Wednesday, June 16:  Dingle Peninsula

Breakfast hours run late here, so we got a bit of extra sleep. Then Pat went into town on a mission to secure tickets for a folk music concert tonight and further information for the day’s driving tour, while I confirmed finally that the rental car had been picked up at Holyhead (it had!) and double-checked the flight times for our trip home.

Into the car for the 25 mile drive around Slea Head Drive, which managed to consume the entire day, while taking us to the most western points of Europe. We drove anti-clockwise, and just barely beat the tourist coaches to the first stop, the Galarrus Oratory. This is a 1200-year-old structure, used as a church, made entirely from piling up flat rocks. Since each rock is angled downward as it points outward, the rain all slides outwards. The structure stands intact today, and still keeps quite dry. Further down the road, we hunted on down a one-lane road for the remains of an entire site of such structures, only finding it on the way out after giving up searching. (Photo 93)

Lunch was in a small pub in the small town of Ballyferriter, about as local as we are likely to get, complete with an old Guinness advertisement in Gaelic. Matter of fact, many of the road signs now were only in Gaelic. Further along, we stopped at several scenic spots, climbing to the top of one of the sharp headlands, and examining a not-long dead sea turtle in a beautiful cove with a sandy beach. (Photo 224) We stopped at a new museum dedicated to the literature and people (in that order) of Blasket Island. Clearly visible just to the west, this island was once home to as many as two hundred people, who eked out a living from the sea via their extremely small “harbor.” But times changed, and eventually the island had to be abandoned in 1954. In the early part of the 1900’s many language scholars came to learn Irish as it was spoken and written here, and the island was home to several writers who wrote, in Irish, about life on the island. As the island became popular, more people visited, and it became easier for the younger residents to leave. Pat bought a copy of Islandman, while 20 Years A-Growing sounded like another interesting book.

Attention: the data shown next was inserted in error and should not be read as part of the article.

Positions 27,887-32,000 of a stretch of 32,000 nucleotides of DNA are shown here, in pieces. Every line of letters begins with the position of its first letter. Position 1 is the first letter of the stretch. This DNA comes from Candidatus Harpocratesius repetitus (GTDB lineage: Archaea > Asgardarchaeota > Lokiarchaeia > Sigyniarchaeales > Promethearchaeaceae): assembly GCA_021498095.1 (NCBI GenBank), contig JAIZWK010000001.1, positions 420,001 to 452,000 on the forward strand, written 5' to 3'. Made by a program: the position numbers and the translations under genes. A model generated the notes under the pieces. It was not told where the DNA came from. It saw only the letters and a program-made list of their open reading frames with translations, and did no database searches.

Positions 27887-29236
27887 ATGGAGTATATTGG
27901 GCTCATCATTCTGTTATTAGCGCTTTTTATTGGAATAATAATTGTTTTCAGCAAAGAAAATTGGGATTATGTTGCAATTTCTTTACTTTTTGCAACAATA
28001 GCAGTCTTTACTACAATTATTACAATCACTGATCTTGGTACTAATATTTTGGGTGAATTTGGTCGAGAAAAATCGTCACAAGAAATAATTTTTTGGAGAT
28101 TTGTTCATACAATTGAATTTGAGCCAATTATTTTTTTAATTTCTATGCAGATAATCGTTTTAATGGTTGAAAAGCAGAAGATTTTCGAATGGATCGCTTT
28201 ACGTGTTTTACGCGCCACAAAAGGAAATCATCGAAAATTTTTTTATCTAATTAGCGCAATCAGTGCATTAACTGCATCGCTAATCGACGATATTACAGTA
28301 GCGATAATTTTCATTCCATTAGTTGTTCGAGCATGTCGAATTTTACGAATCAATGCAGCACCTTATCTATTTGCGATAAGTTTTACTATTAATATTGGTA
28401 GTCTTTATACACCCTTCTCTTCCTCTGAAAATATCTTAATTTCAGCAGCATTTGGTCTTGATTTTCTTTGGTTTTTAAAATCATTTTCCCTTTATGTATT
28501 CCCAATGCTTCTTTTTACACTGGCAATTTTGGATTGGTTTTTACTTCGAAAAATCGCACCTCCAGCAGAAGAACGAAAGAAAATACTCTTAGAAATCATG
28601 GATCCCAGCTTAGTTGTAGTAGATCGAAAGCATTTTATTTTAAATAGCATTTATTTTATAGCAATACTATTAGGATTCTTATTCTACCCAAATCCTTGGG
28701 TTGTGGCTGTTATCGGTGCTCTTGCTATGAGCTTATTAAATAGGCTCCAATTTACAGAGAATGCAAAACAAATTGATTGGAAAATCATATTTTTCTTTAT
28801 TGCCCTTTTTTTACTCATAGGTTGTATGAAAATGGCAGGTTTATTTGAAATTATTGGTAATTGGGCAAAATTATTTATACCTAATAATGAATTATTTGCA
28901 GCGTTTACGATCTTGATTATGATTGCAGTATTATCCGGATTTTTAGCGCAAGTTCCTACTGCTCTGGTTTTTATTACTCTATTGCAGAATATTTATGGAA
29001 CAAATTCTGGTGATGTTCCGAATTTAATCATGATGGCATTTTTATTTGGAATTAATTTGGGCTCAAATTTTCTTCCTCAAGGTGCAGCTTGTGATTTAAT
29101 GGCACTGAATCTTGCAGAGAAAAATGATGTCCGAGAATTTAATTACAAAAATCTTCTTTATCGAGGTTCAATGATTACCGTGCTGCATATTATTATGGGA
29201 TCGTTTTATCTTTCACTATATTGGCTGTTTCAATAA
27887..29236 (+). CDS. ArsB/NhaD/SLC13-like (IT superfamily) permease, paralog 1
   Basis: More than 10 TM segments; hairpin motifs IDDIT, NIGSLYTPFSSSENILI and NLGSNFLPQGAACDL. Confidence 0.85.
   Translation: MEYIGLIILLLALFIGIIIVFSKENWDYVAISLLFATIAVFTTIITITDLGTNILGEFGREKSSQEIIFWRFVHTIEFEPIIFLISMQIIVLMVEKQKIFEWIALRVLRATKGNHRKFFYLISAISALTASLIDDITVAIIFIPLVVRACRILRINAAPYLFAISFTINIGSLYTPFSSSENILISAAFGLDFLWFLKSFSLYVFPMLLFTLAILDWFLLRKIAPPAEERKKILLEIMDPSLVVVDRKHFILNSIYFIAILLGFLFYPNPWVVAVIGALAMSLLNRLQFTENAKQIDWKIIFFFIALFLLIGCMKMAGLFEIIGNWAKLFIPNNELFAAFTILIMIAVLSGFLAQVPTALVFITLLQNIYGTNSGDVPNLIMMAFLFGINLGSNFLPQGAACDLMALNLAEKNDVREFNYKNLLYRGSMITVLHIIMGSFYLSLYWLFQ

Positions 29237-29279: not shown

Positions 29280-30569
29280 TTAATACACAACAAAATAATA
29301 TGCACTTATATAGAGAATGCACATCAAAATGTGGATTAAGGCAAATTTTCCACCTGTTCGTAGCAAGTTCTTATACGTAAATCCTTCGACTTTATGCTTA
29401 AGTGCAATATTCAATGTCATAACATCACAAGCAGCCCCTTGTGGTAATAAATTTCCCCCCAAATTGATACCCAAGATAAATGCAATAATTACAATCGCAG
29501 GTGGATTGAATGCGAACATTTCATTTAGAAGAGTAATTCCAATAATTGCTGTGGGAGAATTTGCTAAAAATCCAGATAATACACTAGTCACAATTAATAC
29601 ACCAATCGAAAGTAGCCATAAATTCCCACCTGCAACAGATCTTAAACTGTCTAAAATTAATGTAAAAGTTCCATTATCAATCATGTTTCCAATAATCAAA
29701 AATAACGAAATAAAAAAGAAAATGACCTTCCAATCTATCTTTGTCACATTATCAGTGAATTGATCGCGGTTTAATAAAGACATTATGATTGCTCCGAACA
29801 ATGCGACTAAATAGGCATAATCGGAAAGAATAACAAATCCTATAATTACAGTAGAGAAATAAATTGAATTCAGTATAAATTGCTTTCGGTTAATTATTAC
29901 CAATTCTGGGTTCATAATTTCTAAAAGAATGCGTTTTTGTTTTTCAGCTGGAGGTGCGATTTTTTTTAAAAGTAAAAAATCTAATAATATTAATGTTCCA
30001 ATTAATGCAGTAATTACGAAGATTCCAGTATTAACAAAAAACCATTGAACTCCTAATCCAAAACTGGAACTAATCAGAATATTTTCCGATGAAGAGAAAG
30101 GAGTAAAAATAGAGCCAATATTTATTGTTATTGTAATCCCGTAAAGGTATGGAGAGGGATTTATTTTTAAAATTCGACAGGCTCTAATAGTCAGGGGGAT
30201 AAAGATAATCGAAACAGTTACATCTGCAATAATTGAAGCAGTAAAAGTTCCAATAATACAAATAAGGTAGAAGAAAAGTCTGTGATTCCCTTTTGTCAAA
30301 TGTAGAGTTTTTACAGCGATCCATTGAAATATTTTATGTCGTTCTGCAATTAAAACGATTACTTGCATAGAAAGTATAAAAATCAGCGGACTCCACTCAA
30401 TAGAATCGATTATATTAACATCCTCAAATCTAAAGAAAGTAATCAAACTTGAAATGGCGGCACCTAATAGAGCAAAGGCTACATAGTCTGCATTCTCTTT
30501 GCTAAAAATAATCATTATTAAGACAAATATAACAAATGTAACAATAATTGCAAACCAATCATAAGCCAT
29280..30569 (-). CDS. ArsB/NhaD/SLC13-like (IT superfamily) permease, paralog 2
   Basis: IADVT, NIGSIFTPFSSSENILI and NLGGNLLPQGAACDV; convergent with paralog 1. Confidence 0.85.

We visited some intact “beehive huts” on the way back to town, as the road degenerated into a one-laner around the head, complete with one location where apparently a stream flows across the road bed permanently. (Photo 227)Back home a quick nap and journal writing took us to dinnertime. We tried a cafe off of Main Street, hoping for something simple and different. It looked promising, but they said they were now closed. When Pat inquired about where else we might find an inexpensive meal, she did an about-face and said she’d stay open. The others got chips with their lasagna, and I got a huge bowl full with my oriental chicken wraps. “Enough potatoes for two families,” I told her with a smile and a wink.

Across the street, we waited in front of St. James Church to be admitted to the folk music concert. We then enjoyed two hours of harp, fiddle, guitars, ukulele, flute, penny whistle and some sort of lap-piano-contraption combining in various ways for reels, jigs, lullabies and sun songs (it began raining during the sun song).